Identification of Single Nucleotide Polymorphisms Associated with Economic Traits in Beef Cattle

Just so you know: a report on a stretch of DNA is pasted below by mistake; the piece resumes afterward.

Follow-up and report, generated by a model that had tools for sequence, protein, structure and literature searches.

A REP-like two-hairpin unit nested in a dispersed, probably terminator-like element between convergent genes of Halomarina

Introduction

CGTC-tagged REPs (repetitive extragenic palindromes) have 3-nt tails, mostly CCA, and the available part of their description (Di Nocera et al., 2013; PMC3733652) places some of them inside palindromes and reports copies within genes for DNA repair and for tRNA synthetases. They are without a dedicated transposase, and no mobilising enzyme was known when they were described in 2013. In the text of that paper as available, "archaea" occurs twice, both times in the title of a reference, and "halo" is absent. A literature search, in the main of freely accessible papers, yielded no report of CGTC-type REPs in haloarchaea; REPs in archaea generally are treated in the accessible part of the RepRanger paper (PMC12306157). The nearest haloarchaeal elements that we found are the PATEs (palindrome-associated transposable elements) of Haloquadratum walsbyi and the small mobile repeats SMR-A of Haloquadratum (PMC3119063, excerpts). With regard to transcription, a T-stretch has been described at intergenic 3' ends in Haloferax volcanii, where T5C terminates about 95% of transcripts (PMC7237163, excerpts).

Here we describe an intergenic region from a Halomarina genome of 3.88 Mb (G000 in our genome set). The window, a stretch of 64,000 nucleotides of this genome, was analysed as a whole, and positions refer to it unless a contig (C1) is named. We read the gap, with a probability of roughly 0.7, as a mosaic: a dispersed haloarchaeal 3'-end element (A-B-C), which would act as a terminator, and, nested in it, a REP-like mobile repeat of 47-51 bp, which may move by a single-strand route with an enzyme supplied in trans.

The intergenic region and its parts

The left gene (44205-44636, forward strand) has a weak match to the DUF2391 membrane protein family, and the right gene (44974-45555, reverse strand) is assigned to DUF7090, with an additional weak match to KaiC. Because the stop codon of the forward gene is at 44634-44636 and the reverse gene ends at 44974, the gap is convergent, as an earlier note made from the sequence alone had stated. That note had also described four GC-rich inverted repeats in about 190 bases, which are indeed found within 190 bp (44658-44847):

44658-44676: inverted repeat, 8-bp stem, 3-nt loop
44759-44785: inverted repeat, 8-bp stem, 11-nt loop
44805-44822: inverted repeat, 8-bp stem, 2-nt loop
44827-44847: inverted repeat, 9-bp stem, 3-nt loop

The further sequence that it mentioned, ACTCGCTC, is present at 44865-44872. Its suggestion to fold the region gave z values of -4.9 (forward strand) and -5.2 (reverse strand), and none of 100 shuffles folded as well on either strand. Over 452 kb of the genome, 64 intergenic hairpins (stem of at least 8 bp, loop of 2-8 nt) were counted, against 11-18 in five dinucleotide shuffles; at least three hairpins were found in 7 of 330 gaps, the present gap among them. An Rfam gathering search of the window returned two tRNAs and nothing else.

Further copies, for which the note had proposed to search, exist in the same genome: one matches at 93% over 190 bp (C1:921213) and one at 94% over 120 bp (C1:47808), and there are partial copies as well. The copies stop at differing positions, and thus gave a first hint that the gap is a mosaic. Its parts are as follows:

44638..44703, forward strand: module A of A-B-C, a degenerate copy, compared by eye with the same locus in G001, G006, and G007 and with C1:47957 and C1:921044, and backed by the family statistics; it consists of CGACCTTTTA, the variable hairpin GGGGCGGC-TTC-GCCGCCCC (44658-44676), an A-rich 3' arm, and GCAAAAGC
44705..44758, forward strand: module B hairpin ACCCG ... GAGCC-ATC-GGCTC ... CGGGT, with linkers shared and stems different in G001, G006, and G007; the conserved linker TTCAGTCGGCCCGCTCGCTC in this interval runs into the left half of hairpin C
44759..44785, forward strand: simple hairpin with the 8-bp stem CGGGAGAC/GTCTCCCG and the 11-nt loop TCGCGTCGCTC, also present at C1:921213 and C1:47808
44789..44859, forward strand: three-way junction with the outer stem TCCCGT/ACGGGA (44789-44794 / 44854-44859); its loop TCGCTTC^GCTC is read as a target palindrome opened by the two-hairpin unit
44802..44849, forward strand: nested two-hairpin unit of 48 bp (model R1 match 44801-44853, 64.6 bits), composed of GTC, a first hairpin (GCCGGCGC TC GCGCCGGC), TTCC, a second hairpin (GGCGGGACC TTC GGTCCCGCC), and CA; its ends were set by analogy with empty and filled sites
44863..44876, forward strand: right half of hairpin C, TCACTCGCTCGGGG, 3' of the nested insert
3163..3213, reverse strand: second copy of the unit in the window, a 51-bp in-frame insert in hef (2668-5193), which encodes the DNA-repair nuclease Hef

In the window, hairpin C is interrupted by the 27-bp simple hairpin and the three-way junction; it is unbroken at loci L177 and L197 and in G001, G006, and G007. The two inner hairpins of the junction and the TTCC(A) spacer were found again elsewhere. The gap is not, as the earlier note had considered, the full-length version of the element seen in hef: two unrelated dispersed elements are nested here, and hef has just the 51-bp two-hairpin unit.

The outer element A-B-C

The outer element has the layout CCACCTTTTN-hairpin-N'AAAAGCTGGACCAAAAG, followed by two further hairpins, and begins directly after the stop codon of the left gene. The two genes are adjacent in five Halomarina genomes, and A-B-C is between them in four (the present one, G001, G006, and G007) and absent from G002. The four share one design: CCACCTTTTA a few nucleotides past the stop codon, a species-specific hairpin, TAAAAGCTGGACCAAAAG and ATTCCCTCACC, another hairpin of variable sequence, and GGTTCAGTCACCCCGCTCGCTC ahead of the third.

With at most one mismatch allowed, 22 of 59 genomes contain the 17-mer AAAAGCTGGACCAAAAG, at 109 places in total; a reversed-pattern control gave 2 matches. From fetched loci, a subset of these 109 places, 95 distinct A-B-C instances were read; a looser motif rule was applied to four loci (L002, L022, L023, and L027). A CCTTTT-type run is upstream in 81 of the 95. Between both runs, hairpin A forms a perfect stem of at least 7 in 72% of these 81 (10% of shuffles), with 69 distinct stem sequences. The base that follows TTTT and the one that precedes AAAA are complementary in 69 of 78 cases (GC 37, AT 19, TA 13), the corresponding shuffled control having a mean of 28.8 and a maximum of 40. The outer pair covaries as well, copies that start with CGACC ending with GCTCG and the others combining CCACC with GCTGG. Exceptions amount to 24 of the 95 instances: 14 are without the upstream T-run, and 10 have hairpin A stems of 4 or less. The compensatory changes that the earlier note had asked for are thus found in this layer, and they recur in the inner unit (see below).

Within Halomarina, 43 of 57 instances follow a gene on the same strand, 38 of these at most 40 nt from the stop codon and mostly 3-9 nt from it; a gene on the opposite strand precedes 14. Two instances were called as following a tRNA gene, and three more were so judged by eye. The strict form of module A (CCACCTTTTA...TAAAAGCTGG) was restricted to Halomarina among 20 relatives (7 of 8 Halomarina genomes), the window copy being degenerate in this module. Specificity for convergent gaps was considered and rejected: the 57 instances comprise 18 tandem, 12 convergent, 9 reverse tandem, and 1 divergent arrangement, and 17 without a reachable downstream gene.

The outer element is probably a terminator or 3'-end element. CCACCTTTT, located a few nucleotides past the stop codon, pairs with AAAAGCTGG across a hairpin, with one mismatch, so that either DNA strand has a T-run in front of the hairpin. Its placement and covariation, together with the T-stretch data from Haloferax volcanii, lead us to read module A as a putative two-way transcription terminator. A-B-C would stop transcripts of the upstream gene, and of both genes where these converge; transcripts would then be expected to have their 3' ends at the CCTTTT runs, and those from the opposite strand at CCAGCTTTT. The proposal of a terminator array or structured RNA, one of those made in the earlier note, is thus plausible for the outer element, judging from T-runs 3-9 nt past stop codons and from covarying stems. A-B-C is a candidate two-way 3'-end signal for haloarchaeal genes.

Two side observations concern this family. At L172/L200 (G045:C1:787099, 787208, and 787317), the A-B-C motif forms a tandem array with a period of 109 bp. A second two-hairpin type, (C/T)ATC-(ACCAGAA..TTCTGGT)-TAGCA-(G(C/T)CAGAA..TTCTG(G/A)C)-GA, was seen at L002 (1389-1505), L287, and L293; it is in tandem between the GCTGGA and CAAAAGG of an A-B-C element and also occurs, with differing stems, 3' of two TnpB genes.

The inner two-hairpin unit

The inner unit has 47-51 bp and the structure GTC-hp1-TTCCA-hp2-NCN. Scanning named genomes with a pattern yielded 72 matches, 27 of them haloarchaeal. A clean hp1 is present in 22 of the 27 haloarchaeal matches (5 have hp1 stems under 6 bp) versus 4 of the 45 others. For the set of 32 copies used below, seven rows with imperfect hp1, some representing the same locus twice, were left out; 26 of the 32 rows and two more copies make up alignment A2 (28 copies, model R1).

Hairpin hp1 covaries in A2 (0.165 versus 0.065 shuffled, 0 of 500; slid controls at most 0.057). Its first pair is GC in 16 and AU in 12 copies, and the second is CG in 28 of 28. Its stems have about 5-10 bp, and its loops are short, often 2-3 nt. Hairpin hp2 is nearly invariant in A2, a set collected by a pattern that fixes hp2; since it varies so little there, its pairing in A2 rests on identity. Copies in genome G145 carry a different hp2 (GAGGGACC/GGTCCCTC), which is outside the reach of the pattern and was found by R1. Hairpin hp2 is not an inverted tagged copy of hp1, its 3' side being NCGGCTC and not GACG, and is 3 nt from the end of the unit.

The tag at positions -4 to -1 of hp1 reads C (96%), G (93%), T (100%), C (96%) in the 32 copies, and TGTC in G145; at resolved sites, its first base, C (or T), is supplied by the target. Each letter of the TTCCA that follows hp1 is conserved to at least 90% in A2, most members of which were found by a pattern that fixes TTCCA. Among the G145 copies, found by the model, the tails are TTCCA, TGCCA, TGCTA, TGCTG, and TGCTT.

The cost of feed remains an important factor affecting the profitability of beef production, and the difficulty of recording feed intake is a major limitation in an industry-wide selection program. Novel genomics approaches offer opportunities to select for efficient cattle. Therefore, the main objective of this work was to identify genetic markers responsible for genetic variation in feed efficiency traits as well as to understand the molecular basis of feed efficiency traits. The candidate gene approach revealed new single nucleotide polymorphisms (SNPs) in the Cholecystokinin B receptor (CCKBR) and pancreatic anionic trypsinogen (TRYP8) genes that showed strong evidence of association with feed efficiency traits. An in silico approach was proposed as a cost-effective method for SNP discovery. SNPs within genes Pyruvate carboxylase, ATPaseH+, UBQEI, UCP2, and PTI showed evidence of association with carcass traits without negatively affecting feed efficiency traits. The polymorphisms within genes CCKBR and TRYP8 were associated with pancreas mass and pancreatic exocrine secretion. A fine-mapping study on 1,879 SNPs revealed 807 SNPs with significant associations corresponding to 1,012 genes. These 807 SNPs represented a genomic heritability of 0.32 and 89% of the genetic variance of residual feed intake (RFI). Genomic breeding values estimated from the SNP set (807) were highly correlated (0.96) to the breeding values estimated from a mixed animal model. The 10 most influential SNPs were located in chromosomes 16, 17, 9, 11, 12, 20, 15, and 19. Enrichment analysis for the identified genes (1,012) suggested 110 biological processes and 141 pathways contributed to variation in RFI. The 339 newly identified SNPs corresponding to 180 genes identified by fine-mapping were tested for association with feed efficiency, growth, and carcass traits. Strong evidence of associations for RFI was located on chromosomes 8, 15, 16, 18, 19, 21, and 28. Combing validated SNPs from fine-mapping and the candidate gene approach may help develop a DNA test panel for commercial use and increase our understanding of the biological basis of feed efficiency in beef cattle.